Trait self-focused attention, task difficulty, and effort-related cardiovascular reactivity.

UNCG Author/Contributor (non-UNCG co-authors, if there are any, appear on document)
Paul Silvia, Professor (Creator)
The University of North Carolina at Greensboro (UNCG )
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Abstract: Using motivational intensity theory as a framework, the present experiment examined how individual differences in self-focused attention interact with task difficulty to predict effort, assessed via cardiovascular reactivity. Participants (n = 50) worked on a cognitive task fixed at an easy, medium, or hard level of difficulty, and individual differences in private self-consciousness and self-reflection were measured. Regression models indicated that trait self-focus interacted with task difficulty to predict cardiovascular reactivity, particularly systolic blood pressure (SBP) reactivity. Participants low and high in trait self-focus showed similar SBP reactivity in the easy and medium conditions, but they diverged in the hard condition: High trait focus was associated with higher SBP reactivity, indicating greater effort, whereas low trait self-focus was associated with low SBP reactivity, indicating disengagement. The findings thus support the motivational intensity approach to effort and its interpretation of self-focus's role in effort mobilization.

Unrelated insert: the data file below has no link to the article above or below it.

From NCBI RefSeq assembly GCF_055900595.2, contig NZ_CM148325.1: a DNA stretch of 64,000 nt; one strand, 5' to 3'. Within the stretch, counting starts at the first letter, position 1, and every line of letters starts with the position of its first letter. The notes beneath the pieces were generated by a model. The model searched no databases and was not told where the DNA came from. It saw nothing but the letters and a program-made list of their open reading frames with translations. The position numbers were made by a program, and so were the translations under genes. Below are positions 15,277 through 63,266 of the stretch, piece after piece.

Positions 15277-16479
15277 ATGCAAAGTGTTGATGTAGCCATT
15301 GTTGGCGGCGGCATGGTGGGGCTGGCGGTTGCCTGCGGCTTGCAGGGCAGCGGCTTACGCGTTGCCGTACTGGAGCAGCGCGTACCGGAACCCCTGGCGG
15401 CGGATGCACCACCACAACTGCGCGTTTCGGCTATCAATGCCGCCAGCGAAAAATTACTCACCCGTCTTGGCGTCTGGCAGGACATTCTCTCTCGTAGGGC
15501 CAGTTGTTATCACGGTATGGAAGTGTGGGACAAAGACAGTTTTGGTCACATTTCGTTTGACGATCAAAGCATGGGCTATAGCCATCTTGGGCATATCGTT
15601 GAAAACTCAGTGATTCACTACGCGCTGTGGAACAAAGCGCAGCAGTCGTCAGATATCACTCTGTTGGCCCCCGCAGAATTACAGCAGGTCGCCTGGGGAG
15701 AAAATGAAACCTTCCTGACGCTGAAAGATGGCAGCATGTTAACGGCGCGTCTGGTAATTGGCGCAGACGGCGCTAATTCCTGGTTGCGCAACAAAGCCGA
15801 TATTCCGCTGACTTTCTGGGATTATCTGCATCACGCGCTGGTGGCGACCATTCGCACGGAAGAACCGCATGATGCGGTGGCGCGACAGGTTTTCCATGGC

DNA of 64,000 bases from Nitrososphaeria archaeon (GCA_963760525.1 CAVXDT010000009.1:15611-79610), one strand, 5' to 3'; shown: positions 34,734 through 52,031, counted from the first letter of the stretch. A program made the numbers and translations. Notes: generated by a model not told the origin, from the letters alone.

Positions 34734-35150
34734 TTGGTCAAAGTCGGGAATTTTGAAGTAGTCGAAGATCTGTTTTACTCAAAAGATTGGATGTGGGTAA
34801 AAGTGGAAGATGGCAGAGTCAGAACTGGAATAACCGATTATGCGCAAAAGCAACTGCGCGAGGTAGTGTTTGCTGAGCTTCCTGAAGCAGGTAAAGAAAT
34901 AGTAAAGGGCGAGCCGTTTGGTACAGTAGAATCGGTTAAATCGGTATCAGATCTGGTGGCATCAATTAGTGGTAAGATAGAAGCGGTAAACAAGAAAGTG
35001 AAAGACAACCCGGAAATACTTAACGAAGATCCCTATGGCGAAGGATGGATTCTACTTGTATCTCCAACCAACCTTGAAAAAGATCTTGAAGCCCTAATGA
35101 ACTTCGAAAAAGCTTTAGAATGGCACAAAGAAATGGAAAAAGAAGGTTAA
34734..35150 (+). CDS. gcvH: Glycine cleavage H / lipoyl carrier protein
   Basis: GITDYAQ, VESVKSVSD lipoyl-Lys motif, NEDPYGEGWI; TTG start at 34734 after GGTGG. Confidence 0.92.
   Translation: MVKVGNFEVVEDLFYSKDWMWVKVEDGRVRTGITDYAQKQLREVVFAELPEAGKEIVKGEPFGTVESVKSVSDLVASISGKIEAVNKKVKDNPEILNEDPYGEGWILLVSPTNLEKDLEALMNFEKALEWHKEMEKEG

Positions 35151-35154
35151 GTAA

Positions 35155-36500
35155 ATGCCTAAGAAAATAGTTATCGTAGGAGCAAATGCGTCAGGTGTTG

Additional Information

Language: English
Date: 2011
effort, cardiovascular reactivity, self-focused attention, private self-consciousness, motivational intensity, psychology, psychophysiology

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